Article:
Streaming Spotlight - Argentinian filmmakers

A selection of Latin-America's finest

by Amber Wilkinson

The Secret In Their Eyes
The Secret In Their Eyes

It's been a while since we turned our Streaming Spotlight on a country, so this week we thought we'd turn our attention to Argentinian filmmakers. As with all country focus pieces, it's disappointing to learn about films it is not yet possible to stream - on which note, I urge you to look out for El Aura, and the other films of Fabián Bielensky along with early films from Juan José Campanella like Son Of The Bride and more recent films, including Santiago Mitre's Paulina. If you're looking for more inspiration, check out our Stay-At-Home Seven.

The Secret in their Eyes, Amazon, from £2.49

Remade in English in 2015, with an all-star cast including Chiwetel Ejiofor, Julia Roberts and Nicole Kidman - the original is far superior. Juan José Campanella crafts a dense and twisting thriller about retired court employee Benjamin (Ricardo Darín who as one of Argentinian cinema's leading lights is, inevitably,  going to pop up a lot in this feature)  who is writing a book about a case he can't shake from his mind. The film unfolds as an increasingly tense hunt for a murder that spans a quarter of a decade, but also features unrequited romance and enjoyably comic turn by Guillermo Francella as Benjamin's, often subordiante, subordinate. This beat off stiff competition from the likes of Jacques Audillard's A Prophet and Michael Haneke's White Ribbon to take home the Foreign Language Oscar. Watch it, if only for the incredible shot when a camera swoops in to a football stadium that will leave you wondering how on earth it was achieved for a long time afterwards. Campanella told us a bit about how he managed it here, plus read our full review.

Wild Tales, Amazon Prime, from £3.49

This crafty collection of short tales from of the unexpected from Damián Szifron is packed with barbed humour and satirical observations about the dark heart of humanity. Featuring the great and the good of Argentine cinema including Ricardo Darín - who else? - Darío Grandinetti and Leonardo Sbaraglia, there's not a chink in the armour of this roster or six shorts, that range from a post-marriage meltdown to a diner waitress considering vengeance. Even if you like your humour to come with bite, watch out, or this will have your arm off. Another Argentinian director dabbling in the waters of English-language film, his next The Misanthrope, has Shailene Woodley attached. Read our full review.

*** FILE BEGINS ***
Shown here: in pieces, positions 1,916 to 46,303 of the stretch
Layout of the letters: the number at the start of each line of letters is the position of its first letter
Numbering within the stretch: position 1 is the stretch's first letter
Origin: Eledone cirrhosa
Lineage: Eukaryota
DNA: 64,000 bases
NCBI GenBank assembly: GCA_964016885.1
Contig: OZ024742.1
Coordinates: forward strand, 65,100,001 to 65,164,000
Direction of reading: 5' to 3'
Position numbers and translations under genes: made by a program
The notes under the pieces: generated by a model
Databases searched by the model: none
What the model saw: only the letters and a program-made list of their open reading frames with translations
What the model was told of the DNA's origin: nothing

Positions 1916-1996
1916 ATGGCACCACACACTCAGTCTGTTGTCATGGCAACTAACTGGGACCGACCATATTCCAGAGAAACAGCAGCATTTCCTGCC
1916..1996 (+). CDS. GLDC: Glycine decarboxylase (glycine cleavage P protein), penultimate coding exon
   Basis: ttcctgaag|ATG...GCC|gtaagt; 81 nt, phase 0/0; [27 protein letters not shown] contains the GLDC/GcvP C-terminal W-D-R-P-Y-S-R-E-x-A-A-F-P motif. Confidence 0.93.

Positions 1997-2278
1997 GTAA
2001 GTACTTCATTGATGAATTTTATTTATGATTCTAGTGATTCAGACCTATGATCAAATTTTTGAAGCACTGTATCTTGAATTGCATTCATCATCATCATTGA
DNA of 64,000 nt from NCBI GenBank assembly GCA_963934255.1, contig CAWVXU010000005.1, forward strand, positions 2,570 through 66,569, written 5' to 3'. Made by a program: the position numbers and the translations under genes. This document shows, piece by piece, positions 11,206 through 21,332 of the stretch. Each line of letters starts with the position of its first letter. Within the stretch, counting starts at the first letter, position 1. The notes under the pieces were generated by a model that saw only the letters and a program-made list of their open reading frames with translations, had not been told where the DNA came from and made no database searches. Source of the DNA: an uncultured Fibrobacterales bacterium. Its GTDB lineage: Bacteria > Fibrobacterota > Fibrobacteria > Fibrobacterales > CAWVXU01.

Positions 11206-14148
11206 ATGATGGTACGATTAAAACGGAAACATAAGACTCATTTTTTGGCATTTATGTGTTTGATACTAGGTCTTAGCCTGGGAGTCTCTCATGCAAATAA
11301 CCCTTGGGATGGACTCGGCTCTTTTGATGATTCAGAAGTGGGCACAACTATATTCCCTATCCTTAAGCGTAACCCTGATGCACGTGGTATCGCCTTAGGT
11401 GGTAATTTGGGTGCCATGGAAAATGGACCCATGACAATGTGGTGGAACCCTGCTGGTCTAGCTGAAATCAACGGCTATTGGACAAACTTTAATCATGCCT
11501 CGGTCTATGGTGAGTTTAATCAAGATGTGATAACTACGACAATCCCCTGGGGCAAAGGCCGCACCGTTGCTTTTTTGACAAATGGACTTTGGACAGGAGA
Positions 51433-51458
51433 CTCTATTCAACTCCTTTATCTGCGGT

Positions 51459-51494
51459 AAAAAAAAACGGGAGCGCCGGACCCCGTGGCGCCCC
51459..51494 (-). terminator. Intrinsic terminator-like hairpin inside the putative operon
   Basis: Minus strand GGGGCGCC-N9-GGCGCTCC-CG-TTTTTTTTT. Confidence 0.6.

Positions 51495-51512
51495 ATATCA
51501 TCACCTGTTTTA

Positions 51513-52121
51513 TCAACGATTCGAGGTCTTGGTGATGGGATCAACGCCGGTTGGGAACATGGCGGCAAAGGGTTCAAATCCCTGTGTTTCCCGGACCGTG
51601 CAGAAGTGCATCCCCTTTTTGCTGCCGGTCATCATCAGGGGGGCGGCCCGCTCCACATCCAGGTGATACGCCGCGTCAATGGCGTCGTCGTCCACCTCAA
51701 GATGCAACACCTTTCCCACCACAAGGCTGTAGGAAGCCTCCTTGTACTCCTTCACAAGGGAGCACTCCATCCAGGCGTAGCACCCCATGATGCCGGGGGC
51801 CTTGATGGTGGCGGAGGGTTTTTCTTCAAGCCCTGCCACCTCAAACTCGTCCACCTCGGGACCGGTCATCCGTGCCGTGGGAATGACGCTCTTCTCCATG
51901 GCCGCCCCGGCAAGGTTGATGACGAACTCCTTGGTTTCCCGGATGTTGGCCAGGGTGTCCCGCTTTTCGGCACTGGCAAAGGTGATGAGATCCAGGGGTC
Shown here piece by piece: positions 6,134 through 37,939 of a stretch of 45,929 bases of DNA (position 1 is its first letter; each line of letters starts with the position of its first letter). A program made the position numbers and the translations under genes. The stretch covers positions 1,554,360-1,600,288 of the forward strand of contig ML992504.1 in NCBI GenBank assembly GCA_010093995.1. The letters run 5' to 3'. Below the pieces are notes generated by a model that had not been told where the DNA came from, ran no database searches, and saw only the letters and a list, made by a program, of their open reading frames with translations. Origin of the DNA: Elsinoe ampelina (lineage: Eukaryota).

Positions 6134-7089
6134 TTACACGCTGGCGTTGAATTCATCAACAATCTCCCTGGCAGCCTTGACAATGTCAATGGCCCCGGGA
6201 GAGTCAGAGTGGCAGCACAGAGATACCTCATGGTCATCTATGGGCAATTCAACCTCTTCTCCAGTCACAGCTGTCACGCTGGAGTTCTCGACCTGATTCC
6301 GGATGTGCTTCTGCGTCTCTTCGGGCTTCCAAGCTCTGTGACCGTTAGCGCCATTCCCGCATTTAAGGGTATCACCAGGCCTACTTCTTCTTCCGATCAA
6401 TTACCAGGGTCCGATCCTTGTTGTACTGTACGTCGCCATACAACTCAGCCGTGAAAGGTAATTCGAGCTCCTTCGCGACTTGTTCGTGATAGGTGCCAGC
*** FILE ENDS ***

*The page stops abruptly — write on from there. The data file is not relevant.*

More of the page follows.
XXY, BFI player, on subscription

Ricardo Darín may have been the big name in this outstanding debut from Lucía Puenzo but he is more than matched by Inés Efron in one of her earliest roles. They play dad and daughter, Kraken and Alex, who are dealing with all the usual teenage parent and child issues, further complicated by the fact that Alex is intersex. Puenzo handles the subject with care, keeping the focus on the emotions experienced by Alex and those around her, while allowing a debate about choice and nature and, of course, the nature of choice to emerge. Puenzo is currently working on an English language film, Losing Clementine, with Jessica Chastain and Edgar Ramirez, that should be well worth looking out for. Read our full review.

The Unbeatables, Amazon, from £3.49

We don't usually include two films from the same director in this list, but this animation from Juan José Campanella is such a family-friendly treat it was impossible to resist. Given an all-star cast in the English language dub, including Rupert Grint, Anthony Head and Rob Brydon, this is slyly comic fun in the spirit of Merrie Melodies, that sees a man go on an adventure with the players from a table football game. Packed with sight gags, along with plenty of clean shots on everything from sponsorship to players' attitudes, Campanella's fancy footwork is a treat to watch. Read our full review.